I have many addictions: '90s sitcoms, sartorial stretchiness, cleanliness avoidance, binder clips, Pandora radio, That Damn Dog, and making a long story much, much longer.
But lately I've developed a heroin-level hankering for orzo. (Witness here, here, and here.) Frankly, there's a lot of pasta in this here vegetarian diet, and it turns out that if you cook a late-night batch of orzo and dump cheddar cheese into it, you have a feel-good snack that should probably shame anyone who's staring down the barrel at her 30th year.
Not that I know anyone fitting that description.
I had planned to make something else entirely for dinner, but I started scratching and twitching when I arrived at the greengrocer and U-turned to Ina's Roasted Shrimp and Orzo.
I halved the recipe, which meant I only needed 1 pound of fresh shrimp.
Or in the case of the Publix, 1 pound of previously frozen shrimp. The liquid from these is a canine aphrodisiac. Should you at any point need that information. Once the tails are removed, the shrimp get a drizzle of olive oil, salt, and pepper, and are shoved into a 400-degree oven for 5 to 6 minutes.
Meanwhile, a big pot is bubbling on the stove, cooking up the beloved pasta. I mean really, what is better than this?
All the ecstatic high from cooking meth, without the danger of melting your face off! (Note: This does not apply to me. The incidence of flesh-burning in my case is equal for orzo and amphetamines.)
While the pasta cooked, I made the vinaigrette—olive oil, lemon juice, salt, and pepper—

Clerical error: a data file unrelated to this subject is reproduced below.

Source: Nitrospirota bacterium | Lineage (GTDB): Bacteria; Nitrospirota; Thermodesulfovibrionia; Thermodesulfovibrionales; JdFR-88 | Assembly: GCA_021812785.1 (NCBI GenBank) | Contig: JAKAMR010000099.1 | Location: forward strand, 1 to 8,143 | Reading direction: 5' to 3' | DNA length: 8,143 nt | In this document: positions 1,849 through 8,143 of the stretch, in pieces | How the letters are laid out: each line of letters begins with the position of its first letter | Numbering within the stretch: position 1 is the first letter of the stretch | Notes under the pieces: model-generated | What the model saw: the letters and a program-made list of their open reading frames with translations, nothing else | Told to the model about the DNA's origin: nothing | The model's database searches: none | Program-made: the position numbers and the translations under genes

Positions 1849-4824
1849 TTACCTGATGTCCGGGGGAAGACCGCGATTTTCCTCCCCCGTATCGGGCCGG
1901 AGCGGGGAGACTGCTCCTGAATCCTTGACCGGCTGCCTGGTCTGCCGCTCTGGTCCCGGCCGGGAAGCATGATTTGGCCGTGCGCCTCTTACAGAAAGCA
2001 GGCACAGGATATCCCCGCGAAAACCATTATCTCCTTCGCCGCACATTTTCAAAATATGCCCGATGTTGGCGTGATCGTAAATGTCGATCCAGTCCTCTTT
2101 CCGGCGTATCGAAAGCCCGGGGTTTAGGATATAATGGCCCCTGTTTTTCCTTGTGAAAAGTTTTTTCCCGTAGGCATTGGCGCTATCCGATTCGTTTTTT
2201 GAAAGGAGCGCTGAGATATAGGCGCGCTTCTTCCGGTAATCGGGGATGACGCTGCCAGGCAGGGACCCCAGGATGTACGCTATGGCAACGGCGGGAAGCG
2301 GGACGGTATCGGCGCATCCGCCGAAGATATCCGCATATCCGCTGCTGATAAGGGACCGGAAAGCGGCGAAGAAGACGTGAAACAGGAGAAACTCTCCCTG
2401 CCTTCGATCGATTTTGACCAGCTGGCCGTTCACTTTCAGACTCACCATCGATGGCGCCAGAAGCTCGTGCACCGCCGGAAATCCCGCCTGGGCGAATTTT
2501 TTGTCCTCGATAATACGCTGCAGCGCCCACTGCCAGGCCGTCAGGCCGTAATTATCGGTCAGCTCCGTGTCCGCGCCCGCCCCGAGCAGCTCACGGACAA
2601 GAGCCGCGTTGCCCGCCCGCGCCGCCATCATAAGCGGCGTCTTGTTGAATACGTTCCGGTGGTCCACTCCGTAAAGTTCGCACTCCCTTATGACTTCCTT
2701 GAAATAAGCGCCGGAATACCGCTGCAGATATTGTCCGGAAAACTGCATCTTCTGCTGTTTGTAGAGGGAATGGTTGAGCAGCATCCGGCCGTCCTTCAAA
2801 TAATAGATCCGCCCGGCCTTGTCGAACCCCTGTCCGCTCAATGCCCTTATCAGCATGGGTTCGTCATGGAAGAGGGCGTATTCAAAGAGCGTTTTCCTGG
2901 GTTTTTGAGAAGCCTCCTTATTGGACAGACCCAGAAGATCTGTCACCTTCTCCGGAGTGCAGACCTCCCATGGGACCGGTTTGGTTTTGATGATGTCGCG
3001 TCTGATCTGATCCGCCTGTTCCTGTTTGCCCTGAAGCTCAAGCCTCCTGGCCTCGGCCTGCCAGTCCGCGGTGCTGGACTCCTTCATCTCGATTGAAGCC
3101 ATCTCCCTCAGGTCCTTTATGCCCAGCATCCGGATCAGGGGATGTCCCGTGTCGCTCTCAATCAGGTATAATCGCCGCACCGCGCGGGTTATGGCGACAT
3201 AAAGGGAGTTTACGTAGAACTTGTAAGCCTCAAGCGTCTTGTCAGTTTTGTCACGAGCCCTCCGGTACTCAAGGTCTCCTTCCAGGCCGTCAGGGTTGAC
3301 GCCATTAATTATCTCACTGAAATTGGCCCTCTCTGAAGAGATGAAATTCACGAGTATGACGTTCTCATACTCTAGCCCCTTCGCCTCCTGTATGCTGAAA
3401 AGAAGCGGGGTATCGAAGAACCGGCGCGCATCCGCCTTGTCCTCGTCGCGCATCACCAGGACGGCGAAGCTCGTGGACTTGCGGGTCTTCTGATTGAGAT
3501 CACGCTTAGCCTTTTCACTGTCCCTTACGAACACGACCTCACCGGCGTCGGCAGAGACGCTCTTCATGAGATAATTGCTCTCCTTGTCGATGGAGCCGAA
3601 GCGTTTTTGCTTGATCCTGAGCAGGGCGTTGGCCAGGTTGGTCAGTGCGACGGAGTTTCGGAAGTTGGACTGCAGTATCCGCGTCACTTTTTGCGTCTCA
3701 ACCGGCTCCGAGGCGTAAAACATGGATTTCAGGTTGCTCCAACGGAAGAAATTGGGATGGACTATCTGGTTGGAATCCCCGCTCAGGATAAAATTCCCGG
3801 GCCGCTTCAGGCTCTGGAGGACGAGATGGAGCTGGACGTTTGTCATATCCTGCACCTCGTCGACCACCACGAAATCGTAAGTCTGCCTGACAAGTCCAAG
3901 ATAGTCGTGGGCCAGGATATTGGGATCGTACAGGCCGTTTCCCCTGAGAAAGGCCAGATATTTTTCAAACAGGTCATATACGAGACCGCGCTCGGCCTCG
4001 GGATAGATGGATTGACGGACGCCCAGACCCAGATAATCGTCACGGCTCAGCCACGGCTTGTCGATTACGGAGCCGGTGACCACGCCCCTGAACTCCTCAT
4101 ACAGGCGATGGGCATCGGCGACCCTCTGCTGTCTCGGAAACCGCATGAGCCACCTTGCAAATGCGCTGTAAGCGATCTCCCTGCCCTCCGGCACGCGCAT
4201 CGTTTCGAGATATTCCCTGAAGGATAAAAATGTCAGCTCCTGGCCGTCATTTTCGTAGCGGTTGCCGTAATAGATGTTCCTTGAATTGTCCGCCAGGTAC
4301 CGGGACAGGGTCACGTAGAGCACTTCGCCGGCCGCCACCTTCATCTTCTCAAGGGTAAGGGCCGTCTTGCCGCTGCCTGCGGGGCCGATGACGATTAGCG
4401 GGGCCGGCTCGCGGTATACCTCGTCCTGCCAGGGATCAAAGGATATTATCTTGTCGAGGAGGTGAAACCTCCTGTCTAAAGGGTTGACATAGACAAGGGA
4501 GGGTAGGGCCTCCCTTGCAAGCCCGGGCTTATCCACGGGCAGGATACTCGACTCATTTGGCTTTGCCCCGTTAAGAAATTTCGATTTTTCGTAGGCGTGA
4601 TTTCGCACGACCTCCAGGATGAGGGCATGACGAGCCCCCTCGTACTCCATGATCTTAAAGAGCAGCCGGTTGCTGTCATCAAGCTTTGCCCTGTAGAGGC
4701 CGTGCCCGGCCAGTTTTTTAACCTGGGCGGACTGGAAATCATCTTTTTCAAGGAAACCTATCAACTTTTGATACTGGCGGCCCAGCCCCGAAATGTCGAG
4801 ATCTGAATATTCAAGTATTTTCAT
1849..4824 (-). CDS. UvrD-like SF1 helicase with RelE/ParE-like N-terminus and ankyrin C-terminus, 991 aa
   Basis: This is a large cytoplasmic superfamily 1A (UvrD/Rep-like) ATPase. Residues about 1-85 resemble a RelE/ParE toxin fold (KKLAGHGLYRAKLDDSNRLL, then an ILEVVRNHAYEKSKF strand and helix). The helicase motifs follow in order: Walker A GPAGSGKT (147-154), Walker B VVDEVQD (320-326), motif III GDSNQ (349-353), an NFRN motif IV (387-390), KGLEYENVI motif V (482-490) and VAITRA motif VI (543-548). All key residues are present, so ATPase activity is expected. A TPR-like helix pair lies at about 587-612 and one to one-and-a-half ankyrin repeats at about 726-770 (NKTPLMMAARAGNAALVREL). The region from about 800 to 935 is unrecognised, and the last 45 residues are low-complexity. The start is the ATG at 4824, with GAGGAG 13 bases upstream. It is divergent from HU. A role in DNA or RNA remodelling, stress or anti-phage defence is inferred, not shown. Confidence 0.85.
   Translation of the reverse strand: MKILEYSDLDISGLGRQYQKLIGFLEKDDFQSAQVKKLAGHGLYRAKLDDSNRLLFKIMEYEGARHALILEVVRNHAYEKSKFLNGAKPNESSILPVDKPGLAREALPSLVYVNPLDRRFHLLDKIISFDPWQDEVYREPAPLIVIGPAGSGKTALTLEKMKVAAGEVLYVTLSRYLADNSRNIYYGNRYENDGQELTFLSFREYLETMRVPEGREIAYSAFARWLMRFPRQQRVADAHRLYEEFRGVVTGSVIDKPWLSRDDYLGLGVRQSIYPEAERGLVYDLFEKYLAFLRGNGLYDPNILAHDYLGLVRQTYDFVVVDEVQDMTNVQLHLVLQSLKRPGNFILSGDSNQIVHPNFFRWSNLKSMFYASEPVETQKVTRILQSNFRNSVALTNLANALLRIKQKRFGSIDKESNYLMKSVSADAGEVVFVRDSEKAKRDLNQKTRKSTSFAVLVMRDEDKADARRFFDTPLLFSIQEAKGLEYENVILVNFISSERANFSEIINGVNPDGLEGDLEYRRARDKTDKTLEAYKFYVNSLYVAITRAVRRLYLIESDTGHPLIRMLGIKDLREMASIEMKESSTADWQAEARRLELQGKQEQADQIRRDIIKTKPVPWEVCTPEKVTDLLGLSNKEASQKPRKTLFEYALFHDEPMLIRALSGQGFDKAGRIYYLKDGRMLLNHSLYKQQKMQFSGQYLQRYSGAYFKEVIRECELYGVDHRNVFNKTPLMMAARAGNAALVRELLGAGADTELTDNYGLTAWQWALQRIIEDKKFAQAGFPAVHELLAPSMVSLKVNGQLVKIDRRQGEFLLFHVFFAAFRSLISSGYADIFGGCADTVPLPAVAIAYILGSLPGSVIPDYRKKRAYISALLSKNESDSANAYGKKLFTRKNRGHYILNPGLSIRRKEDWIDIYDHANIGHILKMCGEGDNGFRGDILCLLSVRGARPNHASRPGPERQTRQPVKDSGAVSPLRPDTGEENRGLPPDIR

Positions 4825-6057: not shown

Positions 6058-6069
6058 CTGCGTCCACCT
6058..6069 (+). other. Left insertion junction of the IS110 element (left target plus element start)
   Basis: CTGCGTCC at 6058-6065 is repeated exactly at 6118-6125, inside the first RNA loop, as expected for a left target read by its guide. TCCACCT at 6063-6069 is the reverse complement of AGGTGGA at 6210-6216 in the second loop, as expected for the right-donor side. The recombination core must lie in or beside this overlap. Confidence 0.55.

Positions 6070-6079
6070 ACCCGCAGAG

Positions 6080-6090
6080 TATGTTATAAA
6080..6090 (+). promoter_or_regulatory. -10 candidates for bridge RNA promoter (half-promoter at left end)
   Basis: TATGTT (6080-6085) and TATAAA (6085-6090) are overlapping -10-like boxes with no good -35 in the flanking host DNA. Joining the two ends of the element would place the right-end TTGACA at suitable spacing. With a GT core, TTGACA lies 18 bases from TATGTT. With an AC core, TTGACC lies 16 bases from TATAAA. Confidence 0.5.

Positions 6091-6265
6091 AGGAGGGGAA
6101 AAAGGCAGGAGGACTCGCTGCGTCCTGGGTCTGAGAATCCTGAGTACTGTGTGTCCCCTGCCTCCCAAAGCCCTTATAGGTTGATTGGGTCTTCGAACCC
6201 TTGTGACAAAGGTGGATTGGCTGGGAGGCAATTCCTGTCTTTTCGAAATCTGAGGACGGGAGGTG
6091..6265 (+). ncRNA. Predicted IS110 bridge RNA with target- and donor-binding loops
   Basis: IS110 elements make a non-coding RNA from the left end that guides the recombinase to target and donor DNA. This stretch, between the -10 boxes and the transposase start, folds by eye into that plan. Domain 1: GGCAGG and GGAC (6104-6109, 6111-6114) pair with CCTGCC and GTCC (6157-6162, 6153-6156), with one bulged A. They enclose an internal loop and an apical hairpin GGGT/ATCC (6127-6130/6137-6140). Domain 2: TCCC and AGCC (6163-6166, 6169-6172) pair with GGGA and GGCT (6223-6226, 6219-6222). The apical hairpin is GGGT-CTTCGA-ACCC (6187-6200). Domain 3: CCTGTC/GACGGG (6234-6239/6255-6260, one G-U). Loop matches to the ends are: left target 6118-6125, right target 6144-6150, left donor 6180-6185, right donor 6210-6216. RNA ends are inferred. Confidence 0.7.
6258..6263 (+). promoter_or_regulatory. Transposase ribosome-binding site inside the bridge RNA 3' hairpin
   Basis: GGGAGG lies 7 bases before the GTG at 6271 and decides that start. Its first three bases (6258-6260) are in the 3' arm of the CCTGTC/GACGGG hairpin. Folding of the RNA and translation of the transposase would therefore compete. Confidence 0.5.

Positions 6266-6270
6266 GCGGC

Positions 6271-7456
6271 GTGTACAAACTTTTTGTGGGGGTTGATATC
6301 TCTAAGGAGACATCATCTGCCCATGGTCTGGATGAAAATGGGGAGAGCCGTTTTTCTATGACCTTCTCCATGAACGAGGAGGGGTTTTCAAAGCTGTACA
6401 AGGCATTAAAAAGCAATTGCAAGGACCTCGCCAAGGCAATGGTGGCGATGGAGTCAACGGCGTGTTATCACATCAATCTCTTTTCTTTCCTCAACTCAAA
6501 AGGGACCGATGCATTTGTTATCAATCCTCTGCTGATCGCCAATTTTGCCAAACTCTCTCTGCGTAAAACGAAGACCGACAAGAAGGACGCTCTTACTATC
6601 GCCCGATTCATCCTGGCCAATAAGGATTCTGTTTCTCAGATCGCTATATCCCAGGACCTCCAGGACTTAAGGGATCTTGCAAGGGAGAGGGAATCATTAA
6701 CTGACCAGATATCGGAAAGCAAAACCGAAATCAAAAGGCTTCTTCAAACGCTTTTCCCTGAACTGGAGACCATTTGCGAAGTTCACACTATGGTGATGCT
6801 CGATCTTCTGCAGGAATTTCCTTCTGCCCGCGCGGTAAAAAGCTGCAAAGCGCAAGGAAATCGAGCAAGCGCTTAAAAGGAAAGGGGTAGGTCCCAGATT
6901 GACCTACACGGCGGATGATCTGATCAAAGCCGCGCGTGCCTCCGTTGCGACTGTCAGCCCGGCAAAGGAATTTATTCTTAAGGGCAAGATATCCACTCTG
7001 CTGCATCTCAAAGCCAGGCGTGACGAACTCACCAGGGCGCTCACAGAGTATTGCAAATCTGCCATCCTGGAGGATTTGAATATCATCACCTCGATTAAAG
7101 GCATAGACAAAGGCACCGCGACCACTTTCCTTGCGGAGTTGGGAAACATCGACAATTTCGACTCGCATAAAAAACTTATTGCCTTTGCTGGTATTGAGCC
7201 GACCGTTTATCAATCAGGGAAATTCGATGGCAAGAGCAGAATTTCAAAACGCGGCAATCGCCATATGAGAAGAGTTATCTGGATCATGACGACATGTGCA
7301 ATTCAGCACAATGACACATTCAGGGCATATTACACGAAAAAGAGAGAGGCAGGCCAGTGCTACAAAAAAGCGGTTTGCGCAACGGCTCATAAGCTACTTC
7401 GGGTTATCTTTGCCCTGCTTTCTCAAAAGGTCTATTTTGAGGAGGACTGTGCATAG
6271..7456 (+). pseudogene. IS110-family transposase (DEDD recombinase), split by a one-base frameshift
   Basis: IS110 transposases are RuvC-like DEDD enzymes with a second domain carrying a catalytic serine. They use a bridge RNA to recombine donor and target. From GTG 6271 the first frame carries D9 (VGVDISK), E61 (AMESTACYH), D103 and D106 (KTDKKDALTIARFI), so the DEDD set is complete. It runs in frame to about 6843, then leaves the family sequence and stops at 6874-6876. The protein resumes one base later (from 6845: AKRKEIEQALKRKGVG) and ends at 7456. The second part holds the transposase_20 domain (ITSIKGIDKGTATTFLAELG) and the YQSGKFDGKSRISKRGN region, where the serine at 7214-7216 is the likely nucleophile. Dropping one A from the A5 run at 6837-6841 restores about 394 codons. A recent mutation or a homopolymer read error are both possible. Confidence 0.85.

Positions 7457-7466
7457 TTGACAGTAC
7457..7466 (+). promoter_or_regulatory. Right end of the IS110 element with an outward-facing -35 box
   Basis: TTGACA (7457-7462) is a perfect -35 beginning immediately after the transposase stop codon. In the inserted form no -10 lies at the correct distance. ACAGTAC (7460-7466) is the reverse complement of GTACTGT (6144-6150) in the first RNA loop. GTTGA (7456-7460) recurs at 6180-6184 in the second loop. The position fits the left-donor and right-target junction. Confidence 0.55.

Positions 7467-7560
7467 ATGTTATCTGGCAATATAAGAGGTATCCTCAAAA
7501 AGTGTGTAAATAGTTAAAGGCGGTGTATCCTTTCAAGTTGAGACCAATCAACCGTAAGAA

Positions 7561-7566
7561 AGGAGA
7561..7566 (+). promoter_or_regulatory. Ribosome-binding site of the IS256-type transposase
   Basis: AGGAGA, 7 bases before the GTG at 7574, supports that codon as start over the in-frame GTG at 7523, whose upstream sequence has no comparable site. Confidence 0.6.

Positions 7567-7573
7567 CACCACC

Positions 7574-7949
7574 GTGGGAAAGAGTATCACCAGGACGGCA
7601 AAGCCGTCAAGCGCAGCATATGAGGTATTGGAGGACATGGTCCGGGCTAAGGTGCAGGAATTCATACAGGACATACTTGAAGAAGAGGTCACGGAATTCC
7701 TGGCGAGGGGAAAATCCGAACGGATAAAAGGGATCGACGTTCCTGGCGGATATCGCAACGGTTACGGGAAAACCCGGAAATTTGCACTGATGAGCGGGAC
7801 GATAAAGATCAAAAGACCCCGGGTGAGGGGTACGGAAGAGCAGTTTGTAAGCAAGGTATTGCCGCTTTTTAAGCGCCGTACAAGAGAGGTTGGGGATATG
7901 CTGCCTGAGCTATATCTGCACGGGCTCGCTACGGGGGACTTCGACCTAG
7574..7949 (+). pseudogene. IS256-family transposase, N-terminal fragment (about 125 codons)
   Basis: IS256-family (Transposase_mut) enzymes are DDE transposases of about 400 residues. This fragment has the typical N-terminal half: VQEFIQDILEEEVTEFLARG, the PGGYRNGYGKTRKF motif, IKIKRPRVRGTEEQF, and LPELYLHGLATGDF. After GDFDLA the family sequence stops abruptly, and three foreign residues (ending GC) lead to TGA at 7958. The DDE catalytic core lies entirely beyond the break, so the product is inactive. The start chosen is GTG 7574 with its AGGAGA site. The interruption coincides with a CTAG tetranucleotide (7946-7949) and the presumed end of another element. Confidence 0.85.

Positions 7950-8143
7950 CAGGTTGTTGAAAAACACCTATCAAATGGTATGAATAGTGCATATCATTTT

then poured it over the still-warm pasta.
I think I might need a moment.
The shrimp come out of the oven, in typical Ina Garten fashion, perfectly cooked.
After that, it's mixmaster time. Big bowl, pasta, shrimp, green onions,
and feta. OK, no, that's not feta. It's ricotta salata. Feta has always baffled me, because I think it's the black sheep of the cheese family. I just find it almost prohibitively salty. The ricotta option isn't much better, but it's great for leftovers because it doesn't break down the way feta does.
Then the whole mix has to sit for an hour for the flavors to come together.
At which point a person can do the dishes, or take the dog for a walk, or finish a couple of loads of laundry, or train her cockeyed stare at something brain-damaging on the CW.
Make this. Now. No, seriously, right this second. Don't make me ask you twice. I know I had this for lunch, but I NEED MORE. Just a bite, I swear.
I'll quit tomorrow.
Rock the weekend, ladies and gents!